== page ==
Vancouver Developers And Agents Take Advantage Of Rampant Presales And Preconstruction Of Condos

According to Reuters in November 2016, the condo market has been booming in Vancouver, some agents stated that local and foreign buyers are racking up units that are not yet completed.

The prices of condos has skyrocketed so rapidly that some condo owners have been flipping their units before construction is finished. This enables foreign buyers to take advantage of price gains without paying the British Columbia’s 15 per cent levy that was implemented last year for Vancouver real estate transactions.

A report by Reuters shows that they nearly doubled in downtown Vancouver since the end of 2015. The prices of presales or unfinished condo units are not public but prices of resale condos has risen by 33 per cent nationwide.

As indicated by Urban Analytics, the most popular section contains small units that attract first time buyers and investors. People camp outside sales offices for days trying to make a purchase, says agents. “The pace of sales right now is like nothing I’ve ever seen before, and I’ve been in this industry for 10 years,” this was stated by Vancouver agent Amar Pal, a specialist in presales.

This resulted in a decline in the available condos to just 31 units this year. It is now at 84 units, dropped from a high of 2,217 in the year of 2013.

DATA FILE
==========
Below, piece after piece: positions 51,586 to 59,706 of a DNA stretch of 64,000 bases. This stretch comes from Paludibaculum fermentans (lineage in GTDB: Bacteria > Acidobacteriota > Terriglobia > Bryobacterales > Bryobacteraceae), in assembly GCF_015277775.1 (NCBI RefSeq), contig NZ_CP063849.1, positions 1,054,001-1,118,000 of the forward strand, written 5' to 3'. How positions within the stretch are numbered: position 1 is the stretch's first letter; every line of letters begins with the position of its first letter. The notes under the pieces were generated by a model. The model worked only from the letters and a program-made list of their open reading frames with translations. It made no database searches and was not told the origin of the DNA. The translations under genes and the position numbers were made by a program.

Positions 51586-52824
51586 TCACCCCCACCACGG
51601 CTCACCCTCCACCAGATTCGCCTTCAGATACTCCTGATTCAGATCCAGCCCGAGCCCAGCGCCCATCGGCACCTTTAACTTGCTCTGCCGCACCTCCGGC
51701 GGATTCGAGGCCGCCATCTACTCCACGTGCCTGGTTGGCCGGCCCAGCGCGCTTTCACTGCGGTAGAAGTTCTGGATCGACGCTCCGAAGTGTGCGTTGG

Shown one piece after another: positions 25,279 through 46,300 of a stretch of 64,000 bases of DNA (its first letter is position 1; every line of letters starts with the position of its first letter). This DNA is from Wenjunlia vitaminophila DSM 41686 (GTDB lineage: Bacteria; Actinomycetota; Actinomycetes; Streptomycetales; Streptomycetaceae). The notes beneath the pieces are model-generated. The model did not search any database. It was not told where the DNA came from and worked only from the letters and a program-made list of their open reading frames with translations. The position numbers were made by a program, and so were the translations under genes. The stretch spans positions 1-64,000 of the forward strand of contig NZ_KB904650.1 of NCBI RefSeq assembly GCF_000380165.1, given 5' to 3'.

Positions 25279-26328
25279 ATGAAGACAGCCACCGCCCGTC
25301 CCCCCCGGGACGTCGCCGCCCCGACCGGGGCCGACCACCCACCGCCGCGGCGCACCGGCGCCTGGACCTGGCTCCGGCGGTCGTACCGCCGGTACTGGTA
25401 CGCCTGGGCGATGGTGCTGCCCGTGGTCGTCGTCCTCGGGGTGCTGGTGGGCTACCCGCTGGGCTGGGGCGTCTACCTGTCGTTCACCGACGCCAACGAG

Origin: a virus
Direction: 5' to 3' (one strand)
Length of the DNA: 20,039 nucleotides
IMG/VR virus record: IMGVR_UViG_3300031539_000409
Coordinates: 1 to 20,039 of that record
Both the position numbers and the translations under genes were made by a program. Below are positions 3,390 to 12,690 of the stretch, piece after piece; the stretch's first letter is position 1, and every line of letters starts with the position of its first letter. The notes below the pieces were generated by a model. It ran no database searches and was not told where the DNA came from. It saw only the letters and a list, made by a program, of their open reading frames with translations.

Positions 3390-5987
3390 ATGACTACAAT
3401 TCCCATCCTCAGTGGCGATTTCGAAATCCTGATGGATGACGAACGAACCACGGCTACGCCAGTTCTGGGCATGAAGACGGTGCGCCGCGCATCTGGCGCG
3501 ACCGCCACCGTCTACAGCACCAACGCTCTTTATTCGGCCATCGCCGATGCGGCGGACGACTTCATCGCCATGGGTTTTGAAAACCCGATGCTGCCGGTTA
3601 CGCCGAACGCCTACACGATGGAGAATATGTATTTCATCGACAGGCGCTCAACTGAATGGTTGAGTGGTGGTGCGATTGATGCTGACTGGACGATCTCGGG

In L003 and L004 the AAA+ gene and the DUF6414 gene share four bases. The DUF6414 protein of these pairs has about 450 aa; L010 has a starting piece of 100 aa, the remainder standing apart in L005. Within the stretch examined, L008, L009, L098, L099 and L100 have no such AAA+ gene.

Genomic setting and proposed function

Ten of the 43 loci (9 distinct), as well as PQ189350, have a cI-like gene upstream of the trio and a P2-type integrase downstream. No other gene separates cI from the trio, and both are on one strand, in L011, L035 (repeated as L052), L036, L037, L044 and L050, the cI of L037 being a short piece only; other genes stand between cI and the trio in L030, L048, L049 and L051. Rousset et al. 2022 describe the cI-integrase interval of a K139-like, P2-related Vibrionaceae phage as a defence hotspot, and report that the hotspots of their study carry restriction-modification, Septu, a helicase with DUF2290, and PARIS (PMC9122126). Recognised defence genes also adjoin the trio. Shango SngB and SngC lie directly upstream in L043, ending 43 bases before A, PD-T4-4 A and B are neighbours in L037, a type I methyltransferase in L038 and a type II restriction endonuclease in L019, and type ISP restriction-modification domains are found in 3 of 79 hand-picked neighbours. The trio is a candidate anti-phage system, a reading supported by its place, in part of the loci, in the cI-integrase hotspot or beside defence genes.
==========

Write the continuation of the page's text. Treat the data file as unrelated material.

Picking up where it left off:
“I refer to flippers and assigners as the scalpers of real estate because they are taking advantage of the limited supply,” Urban Analytics principal Michael Ferreira said, also noting that there must be a new record to put an end to speculation.

Presale flipping is becoming so widespread that Vancouver developer Reliance Properties are charging a 25 per cent fee on profit the buyers make from selling their units before completion.

The British Columbia’s government says it will be going over its policy “to close speculation loopholes, and reduce tax fraud’ in real estate. This will mostly affect foreign buyers, as well as Vancouver developers and real estate agents and favor the locals of the city.

“I think the whole offshore (Canadian) market lost about half its customers,” said David Hui, a sales director at Centerline Property Agency in Hong Kong. He also said that foreign buyers in Canada are still investing.


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